By ANDREW WELSH-HUGGINS, AP Statehouse Correspondent
COLUMBUS, Ohio (AP) - Less than a week before the election, two candidates for an open Ohio Supreme Court seat found some common ground -- a negative TV ad that both viewed as over the line.
With her husband by her side at a hastily called news conference Thursday, Ohio Supreme Court Justice Evelyn Lundberg Stratton blasted the ad, which attacks a 1998 vote by her.
In a 4-3 decision, the court ruled in favor of companies fighting lawsuits filed by mothers and their children. The women were trying to collect money for damages caused by a drug taken by millions of pregnant women for 23 years.
The ad, which began running Thursday in Cleveland, Columbus, Dayton and Toledo, features a series of shots of pregnant women and women with children and said Stratton "gave sanctuary to the big drug companies." It also calls Stratton's ruling "a miscarriage of justice."
"This ad is despicable," Stratton, a Republican, said Thursday afternoon with her husband, Jack Lundberg, standing by her side. "It uses the term 'miscarriage' as a political attack that should offend all women who have attempted to bear children."
Stratton said she did not believe her opponent, Judge Janet Burnside of Cuyahoga County Common Pleas Court, had anything to do with the ad. Burnside demanded the ad be stopped immediately.
"We obviously condemn this ad and view it as negative," said Jeff Rusnak, a Burnside spokesman.
In the ruling, the court said people who claim they were hurt by the drug diethylstilbestrol cannot sue unless they know the specific manufacturer and distributor of the drug.
The drug is synthetic estrogen and was taken by nearly 5 million pregnant women from 1948 until it was banned by the Food and Drug Administration in 1971 after being linked to cancer. It was given to women to prevent miscarriages and premature births.
The 1998 opinion was written by fellow Republican justice Deborah Cook. Chief Justice Thomas Moyer, also a Republican, also ruled in favor of the companies.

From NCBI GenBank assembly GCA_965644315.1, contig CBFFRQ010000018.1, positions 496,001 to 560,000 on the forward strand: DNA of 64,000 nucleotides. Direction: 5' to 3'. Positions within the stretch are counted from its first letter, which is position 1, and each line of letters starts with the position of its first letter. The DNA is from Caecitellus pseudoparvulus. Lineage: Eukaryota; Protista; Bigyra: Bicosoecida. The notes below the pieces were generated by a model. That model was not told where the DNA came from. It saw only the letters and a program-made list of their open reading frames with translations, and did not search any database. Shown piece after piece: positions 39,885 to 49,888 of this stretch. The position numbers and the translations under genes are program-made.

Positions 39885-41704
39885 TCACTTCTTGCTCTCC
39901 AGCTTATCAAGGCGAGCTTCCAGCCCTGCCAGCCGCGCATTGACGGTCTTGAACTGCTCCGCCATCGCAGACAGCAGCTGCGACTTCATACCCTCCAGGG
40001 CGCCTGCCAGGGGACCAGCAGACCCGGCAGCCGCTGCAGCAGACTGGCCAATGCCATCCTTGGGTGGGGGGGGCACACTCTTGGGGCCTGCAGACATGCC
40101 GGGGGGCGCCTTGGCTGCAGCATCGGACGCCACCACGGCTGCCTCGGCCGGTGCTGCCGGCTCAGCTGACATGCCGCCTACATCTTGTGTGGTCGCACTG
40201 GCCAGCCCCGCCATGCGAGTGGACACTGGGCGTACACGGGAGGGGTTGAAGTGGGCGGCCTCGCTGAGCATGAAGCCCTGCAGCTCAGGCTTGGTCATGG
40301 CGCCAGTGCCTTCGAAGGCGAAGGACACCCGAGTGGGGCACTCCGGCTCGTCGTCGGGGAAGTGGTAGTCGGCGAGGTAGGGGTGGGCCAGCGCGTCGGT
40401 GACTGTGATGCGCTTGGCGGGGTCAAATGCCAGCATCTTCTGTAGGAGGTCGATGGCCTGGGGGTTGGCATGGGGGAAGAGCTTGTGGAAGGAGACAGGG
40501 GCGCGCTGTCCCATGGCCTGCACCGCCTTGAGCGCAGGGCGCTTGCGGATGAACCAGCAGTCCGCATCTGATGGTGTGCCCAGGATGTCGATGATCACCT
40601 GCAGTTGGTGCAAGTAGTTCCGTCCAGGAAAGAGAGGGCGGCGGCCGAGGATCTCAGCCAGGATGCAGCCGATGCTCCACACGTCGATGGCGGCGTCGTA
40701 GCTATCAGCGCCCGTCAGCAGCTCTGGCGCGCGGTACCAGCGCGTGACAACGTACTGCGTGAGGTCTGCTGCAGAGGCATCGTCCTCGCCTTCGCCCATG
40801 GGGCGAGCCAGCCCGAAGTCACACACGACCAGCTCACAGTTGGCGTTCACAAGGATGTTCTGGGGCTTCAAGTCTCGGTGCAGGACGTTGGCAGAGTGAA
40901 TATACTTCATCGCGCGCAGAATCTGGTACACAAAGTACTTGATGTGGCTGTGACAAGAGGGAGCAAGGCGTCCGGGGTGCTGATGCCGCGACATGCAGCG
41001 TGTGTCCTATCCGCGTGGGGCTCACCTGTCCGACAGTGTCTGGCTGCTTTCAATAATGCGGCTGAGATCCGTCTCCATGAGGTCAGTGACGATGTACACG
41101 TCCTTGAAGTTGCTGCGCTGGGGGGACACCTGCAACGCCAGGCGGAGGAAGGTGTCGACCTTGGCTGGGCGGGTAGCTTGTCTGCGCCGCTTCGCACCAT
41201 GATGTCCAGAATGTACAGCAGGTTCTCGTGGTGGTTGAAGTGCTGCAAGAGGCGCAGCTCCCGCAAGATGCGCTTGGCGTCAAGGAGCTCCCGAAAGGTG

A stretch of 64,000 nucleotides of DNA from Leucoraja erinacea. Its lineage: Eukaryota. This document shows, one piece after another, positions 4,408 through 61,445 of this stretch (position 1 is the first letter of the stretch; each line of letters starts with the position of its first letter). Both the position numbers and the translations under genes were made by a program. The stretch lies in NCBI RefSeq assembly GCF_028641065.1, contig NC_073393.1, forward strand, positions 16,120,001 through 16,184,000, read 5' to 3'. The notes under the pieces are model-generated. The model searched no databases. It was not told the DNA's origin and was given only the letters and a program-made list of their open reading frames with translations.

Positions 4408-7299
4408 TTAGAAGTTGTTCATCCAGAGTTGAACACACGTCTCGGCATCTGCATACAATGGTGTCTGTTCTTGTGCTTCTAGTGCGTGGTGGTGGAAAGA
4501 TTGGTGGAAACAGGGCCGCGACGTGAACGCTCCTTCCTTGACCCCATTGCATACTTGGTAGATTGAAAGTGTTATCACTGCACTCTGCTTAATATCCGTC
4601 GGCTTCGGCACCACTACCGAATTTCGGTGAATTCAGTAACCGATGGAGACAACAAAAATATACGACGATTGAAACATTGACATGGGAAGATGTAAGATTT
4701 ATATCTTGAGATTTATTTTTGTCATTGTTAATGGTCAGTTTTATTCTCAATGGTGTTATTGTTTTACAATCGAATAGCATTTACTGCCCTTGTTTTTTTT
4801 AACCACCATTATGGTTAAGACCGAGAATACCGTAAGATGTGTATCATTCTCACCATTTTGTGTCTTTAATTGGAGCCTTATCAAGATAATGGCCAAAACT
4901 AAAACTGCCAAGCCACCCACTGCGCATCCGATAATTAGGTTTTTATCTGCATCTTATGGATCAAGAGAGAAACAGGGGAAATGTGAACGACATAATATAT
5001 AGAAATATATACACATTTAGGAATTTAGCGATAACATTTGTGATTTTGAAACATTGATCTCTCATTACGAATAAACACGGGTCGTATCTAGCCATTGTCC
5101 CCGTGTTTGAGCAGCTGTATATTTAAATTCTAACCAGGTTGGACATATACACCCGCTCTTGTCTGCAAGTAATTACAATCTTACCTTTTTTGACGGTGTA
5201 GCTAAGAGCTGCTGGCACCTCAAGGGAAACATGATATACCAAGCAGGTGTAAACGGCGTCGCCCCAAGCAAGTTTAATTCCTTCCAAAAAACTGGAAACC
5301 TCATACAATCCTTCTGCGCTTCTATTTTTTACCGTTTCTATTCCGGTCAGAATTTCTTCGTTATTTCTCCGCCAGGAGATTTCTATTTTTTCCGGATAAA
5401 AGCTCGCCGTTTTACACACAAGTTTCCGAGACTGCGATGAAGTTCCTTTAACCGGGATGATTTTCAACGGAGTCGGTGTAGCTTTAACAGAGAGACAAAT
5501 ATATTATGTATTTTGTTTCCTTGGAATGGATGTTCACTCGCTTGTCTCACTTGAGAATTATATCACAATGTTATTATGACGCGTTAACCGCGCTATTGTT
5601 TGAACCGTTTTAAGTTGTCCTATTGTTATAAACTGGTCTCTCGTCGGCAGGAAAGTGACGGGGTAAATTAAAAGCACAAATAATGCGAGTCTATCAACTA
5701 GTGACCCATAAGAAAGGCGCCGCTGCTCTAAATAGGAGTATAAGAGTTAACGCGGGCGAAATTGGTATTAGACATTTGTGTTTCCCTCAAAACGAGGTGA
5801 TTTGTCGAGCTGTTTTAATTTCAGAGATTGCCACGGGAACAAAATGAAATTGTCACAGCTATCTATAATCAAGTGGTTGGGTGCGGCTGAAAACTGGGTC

Two Republican justices, Andy Douglas and Paul Pfeifer, dissented.
The group running the ad, Consumers for a Fair Court, is an offshoot of Citizens for an Independent Court, a registered political action committee running ads in favor of Burnside. That committee includes the Ohio AFL-CIO, the Ohio Academy of Trial Lawyers and teachers' and public employees' unions.
The new group "is essentially the same folks," said Dale Butland, a veteran Democratic political consultant acting as the group's spokesman.
However, because Consumers for a Fair Court is running so-called issue advocacy ads, it does not have to list its contributors. Its ads cannot use words such as "vote for" or "elect."
"All we have done is brought to light her own opinion and own decision," Butland said. "If her character is harmed by her own opinion, it's not assassination, it's suicide."
Butland said the union group was forced to run an issue ad because corporations are running their own ads in favor of Burnside.
Informed Citizens of Ohio, an issue advocacy group that also does not have to reveal its contributors, has purchased $410,510 in TV ads supporting Stratton, according to the New York-based Brennan Center for Justice.
The center released a report Thursday that found spending on TV ads for Ohio's two Supreme Court race topped $2.6 million to date.
Stratton leads the four candidates in spending on TV time, with $718,228 in ad buys, the study found. Stratton said her strategy is to run positive ads emphasizing her strengths.
Complaints have been filed in several Supreme Court TV ads.
Thursday, a three-judge appeals court panel found enough evidence to hold a hearing in a complaint filed against Judge Tim Black of Hamilton County Municipal Court.
Black is accused of using a 1999 Cincinnati Bar Association rating in a TV commercial without specifying what the rating was for. He is also accused of using the title "Judge" without clearly identifying which court.
Black, a Democrat, is challenging Republican Lt. Gov. Maureen O'Connor for an open Supreme Court seat.